In a sleepy town along the coast of California, an unknown animal begins killing people, beginning with a ‘70s version of Dana Carvey. The local sheriff (All My Children’s Philip Carey) recruits local writer John Wetherby (Peter Graves) who used to earn his living as a big game hunter to help track the animal. Baffled by the presence of both four and two-legged tracks, he approaches his shifty ex-hunting buddy Byron (Clint Walker) for assistance who refuses to cooperate. As more people die, the townsfolk begin to believe there’s a werewolf in their midst.
A few weak red herring characters peppered throughout the story aside, Byron is the prime suspect. Not only was he bitten by a wolf, he has a strange obsession with the exchange of power between predator and prey. He hates John’s new “emasculating” life of leisure and possesses a rather creepy yet swaggering demeanor.
Based on the story The Hunter by David Case, Richard Matheson’s teleplay is better than the average TV movie script. On the surface it appears to be a standard whodunnit supernatural mystery. It was only upon further scrutiny I noticed the anti-hunting message and sexual subtext. Both of the protagonists are professional hunters. One becomes civilized and changes careers. The other sticks with it and grows into a psychopath who masks his feelings for another man through hyper-masculinity and violence.
The sexual tension between John and Byron isn’t just palpable. It’s downright steamy. The long knowing gazes, Byron’s unexplained hatred for John’s girlfriend Sandy (Jo Ann Pflug), the passive aggressive references to their time together alone in the Canadian wilderness and the arm-wrestling match where Byron challenges John, to “last seven minutes” are all very obvious references that Byron just can’t quit John. I kept waiting for them to embrace in a passionate kiss and walk off into the sunset together, carrying their very long rifles at waist height.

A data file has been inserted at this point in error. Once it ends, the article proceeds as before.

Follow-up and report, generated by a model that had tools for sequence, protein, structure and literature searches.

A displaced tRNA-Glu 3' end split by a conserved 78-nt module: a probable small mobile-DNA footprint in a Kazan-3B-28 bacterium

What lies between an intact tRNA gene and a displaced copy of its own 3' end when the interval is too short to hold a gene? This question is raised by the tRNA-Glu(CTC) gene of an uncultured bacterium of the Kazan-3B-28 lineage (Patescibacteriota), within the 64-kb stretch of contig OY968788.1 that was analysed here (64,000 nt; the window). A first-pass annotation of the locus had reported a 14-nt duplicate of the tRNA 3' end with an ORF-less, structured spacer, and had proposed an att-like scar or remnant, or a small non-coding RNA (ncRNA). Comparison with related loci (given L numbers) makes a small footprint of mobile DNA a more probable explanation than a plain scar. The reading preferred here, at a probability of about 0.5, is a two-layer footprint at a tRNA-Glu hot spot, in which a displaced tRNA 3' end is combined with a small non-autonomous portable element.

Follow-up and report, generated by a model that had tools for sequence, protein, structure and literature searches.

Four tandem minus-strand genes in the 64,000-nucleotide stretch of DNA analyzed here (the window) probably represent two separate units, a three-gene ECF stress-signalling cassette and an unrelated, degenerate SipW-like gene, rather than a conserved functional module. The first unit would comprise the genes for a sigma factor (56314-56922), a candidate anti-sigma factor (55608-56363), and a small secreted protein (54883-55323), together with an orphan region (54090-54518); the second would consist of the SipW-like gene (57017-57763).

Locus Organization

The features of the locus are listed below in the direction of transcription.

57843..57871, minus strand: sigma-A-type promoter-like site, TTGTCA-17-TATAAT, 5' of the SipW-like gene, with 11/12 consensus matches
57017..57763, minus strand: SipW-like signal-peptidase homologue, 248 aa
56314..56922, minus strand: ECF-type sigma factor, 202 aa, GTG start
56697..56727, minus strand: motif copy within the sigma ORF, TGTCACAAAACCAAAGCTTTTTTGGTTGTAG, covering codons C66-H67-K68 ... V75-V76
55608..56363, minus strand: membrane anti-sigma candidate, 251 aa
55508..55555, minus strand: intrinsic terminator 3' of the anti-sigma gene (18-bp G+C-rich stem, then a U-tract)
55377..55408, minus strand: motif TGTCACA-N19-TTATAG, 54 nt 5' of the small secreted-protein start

Alas, this is a ‘70s TV movie, so their past is never fully revealed. Instead, we get a nice double twist where first Byron fakes his death and pins the werewolf murders. After returning to confront him, Byron reveals himself to John, who assumes he was the werewolf all along. Not even close. In fact, it isn’t a werewolf at all that’s been mutilating people. It’s a German Shepherd, tortured and trained to hunt humans by Byron. Why? To awaken John’s “urge to action” and get him to go off to South America with him on another “hunting trip.” It doesn’t work. After a chase reminiscent of The Most Dangerous Game (1932), heterosexuality wins out. John outsmarts Byron and shoots him with a hidden handgun after a nice bit of dialogue where Byron tells his prey, “You wanted me to stalk you.” and John replies, “Let’s just say I didn’t want you to leave.”
By the time Scream of the Wolf aired, director Dan Curtis was already well-known for working in the horror genre, having made Dark Shadows and The Norliss Tapes. Whether he was aware of the subtext in the teleplay is unclear, but he directs the stalk-attack sequences with his usual skill, and is very unsettling even for a TV movie. As journeymen actors, Graves, Walker, Pflug and Carey are all very good in their respective roles. The musical score is another highlight, with a groovy yet suspenseful theme that’s a combination of Enter the Dragon and Friday the 13th.
While not as well-known as Trilogy of Terror, which arrived the following year, Scream of the Wolf is an overlooked gem that made the rounds on cable about 15 years ago. It’s never been given a proper DVD or Blu-Ray release, but it definitely deserves one. It’s got a good script, plenty of dead bodies, good acting and subtext so subtle it probably flew right over the average ‘70s ABC viewer’s head. Fans of Dan Curtis, or older men arm-wrestling will enjoy it. Did I mention Peter Graves drive a sweet Corvette? The cherry on top.